Honourable senators, establishing a new relationship with indigenous peoples requires the consultation of First Nations, a recognized constitutional right for indigenous peoples. This consultation has been announced. At the same time, reconciliation with indigenous peoples requires eliminating discrimination against women in the Indian Act, a form of systemic discrimination written into the act by the legislators who preceded us. It our responsibility, as legislators, to eliminate this discrimination today. It is also our responsibility to understand the complexity of the current situation. To give but one example, the Canadian Human Rights Tribunal concluded that the current federal underfunding of social services for First Nations children was discriminatory. Thus, we imagine that the consultation announced will focus on, among other things, funding of such services for new members who become eligible for Indian status under Bill S-3. We certainly do not want the addition of these new members to lead to even more grossly underfunded services.
Colleagues, it falls on us as legislators to determine whether the implementation period, which is yet to be determined, exceeds reasonable limits and if so, it is incumbent on us to find what means the Senate has at its disposal to have the federal government proceed with implementing the clauses of Bill S-3 that may not have yet been implemented.
Hon. Sandra Lovelace Nicholas: Honourable senators, I stand before you to say thank you for your collective support to end gender discrimination for all indigenous women which is enshrined in the amendment to Bill S-3. I also want to thank all the members of the Aboriginal Committee on both sides, and in particular I thank my indigenous male colleagues for standing in the Senate Chamber in support of their sisters.
It has been a long road from 1867 to 2017. So many people have given their time and lives in the hope that the government would finally see them as fully human and deserving of their status and equal rights. It is still difficult for me to accept that it has taken this long to grant indigenous women equal rights in a land that is their birthright.
As much as I support the amendment to Bill S-3, I have to say I am concerned about what will follow in the months ahead. Without a specific date, that still leaves thousands of indigenous women in limbo.
Without a specific date for the enactment of the bill, it feels like we are in another situation of take-it-or-leave-it legislation. Indigenous people have a long history of being brought to the brink of a better relationship with the government only to have it postponed, denied or forgotten; half promises and partial settlements followed. So you will understand that I am not celebrating until I see this government follow through and this bill and its amendments become law.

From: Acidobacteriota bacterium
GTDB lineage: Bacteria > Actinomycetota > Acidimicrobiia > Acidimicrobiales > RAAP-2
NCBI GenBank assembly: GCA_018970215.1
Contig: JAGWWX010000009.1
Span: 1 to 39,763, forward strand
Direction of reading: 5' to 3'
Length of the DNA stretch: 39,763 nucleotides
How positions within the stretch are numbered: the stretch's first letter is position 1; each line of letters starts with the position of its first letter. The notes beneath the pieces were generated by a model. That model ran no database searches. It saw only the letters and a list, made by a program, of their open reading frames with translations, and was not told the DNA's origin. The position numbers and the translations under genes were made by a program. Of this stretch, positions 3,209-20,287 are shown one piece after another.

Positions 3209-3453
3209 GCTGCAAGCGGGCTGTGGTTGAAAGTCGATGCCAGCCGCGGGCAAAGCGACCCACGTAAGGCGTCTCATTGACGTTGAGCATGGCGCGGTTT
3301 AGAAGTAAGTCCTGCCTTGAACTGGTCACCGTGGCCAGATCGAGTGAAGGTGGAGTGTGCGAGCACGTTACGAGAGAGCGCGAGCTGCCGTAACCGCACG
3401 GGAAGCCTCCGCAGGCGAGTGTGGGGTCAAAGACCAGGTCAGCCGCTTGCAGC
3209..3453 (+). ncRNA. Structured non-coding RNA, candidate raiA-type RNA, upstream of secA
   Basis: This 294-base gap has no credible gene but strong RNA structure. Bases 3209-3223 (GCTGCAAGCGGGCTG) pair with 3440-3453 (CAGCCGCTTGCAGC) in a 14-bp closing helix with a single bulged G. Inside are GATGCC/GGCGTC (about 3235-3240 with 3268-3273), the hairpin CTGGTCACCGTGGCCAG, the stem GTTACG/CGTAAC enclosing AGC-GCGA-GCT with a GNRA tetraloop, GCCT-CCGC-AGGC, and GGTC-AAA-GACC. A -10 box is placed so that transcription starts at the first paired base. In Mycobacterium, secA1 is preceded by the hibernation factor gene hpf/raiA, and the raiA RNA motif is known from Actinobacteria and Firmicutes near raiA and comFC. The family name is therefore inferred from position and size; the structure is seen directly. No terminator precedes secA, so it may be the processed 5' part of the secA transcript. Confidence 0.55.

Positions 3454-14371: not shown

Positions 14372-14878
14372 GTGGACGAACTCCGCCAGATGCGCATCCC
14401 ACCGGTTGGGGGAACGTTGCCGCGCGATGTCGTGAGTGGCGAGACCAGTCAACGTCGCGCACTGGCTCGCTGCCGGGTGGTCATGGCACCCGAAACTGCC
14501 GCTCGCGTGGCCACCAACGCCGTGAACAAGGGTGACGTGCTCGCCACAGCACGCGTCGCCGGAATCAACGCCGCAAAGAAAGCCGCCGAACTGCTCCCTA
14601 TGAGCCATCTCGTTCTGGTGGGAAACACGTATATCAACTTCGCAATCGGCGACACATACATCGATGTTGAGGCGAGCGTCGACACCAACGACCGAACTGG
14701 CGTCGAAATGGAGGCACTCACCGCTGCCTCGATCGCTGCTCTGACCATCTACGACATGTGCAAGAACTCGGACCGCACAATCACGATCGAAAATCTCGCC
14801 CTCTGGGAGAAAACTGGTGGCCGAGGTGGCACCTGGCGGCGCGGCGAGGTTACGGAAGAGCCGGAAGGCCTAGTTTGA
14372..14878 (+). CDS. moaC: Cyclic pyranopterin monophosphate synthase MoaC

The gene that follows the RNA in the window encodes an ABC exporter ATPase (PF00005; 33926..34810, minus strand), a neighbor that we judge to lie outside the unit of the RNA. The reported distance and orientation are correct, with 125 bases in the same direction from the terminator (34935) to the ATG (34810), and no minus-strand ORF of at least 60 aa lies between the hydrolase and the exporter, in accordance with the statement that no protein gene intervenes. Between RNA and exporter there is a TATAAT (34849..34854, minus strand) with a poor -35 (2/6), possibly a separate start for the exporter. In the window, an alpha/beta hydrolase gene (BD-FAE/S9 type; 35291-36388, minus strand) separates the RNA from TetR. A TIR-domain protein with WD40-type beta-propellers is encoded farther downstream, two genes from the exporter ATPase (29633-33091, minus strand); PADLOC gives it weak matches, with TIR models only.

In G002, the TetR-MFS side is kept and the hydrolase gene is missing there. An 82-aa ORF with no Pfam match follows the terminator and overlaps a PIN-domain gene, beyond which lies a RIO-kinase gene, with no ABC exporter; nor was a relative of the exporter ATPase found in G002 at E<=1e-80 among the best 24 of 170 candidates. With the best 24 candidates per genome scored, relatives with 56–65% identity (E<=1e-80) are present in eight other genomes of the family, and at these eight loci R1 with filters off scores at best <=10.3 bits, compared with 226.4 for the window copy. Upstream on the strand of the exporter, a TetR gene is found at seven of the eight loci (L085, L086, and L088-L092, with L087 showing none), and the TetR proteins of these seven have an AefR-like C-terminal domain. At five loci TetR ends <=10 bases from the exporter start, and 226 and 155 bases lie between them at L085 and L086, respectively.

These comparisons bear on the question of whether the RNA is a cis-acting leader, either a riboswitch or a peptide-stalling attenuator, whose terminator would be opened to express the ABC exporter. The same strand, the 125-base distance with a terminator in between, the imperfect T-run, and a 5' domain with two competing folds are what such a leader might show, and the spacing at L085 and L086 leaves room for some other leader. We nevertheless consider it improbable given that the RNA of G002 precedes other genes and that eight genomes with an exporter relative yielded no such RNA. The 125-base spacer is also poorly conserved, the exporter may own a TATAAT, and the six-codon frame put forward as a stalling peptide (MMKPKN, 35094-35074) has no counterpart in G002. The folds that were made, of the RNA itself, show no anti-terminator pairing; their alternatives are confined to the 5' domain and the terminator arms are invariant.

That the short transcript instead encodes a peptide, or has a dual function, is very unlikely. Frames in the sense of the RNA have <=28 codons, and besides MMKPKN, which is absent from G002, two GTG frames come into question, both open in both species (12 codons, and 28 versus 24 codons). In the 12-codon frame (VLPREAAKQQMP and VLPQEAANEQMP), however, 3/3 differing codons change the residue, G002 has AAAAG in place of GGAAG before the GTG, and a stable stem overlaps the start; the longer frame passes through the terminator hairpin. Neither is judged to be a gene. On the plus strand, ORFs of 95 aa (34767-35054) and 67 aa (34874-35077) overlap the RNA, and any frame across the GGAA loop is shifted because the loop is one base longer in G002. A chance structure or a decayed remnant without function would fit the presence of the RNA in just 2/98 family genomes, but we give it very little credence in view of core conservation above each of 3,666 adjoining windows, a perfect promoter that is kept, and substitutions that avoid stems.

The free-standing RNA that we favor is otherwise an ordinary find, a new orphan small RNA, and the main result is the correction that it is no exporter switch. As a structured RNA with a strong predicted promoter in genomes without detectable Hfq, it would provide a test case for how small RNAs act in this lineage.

I sincerely hope that this time the government will do the right thing and not delay any longer and end gender discrimination once and for all. This will be a big step towards reconciliation.
Hon. Senators: Hear, hear!
Hon. Serge Joyal: Honourable senators, I would like to underline the continuous efforts of Senator Sandra Lovelace Nicholas, Senator Dyck, Senator Sinclair, Senator Patterson, Senator Christmas and all the Aboriginal senators that we had the privilege of having assist us in the road to reconciliation.
That being said, we have to understand the issue at stake here. Essentially, it is the Indian Act adopted in 1876, more than 140 years ago. What are the essential elements of the Indian Act that are so insidious, so tricky and so nasty? It’s essentially the principle of discrimination.
With the Indian Act, what have we enshrined in an act of Parliament? In those days, parliamentarians voted in both chambers thinking that they were doing the right thing. What did they do? They put forward the principle that if you are an Aboriginal, you will be pushed out of the mainstream of Canada. You were either pushed onto reserves, or on reserve you were denied the natural law of succession of your forefather’s identity. How did they do it? Of course by singling out women. According to most Aboriginal tradition, the identity passed through women in matrilineal societies. The authors of the Indian Act then had one idea in mind: How do we squeeze the identity through women?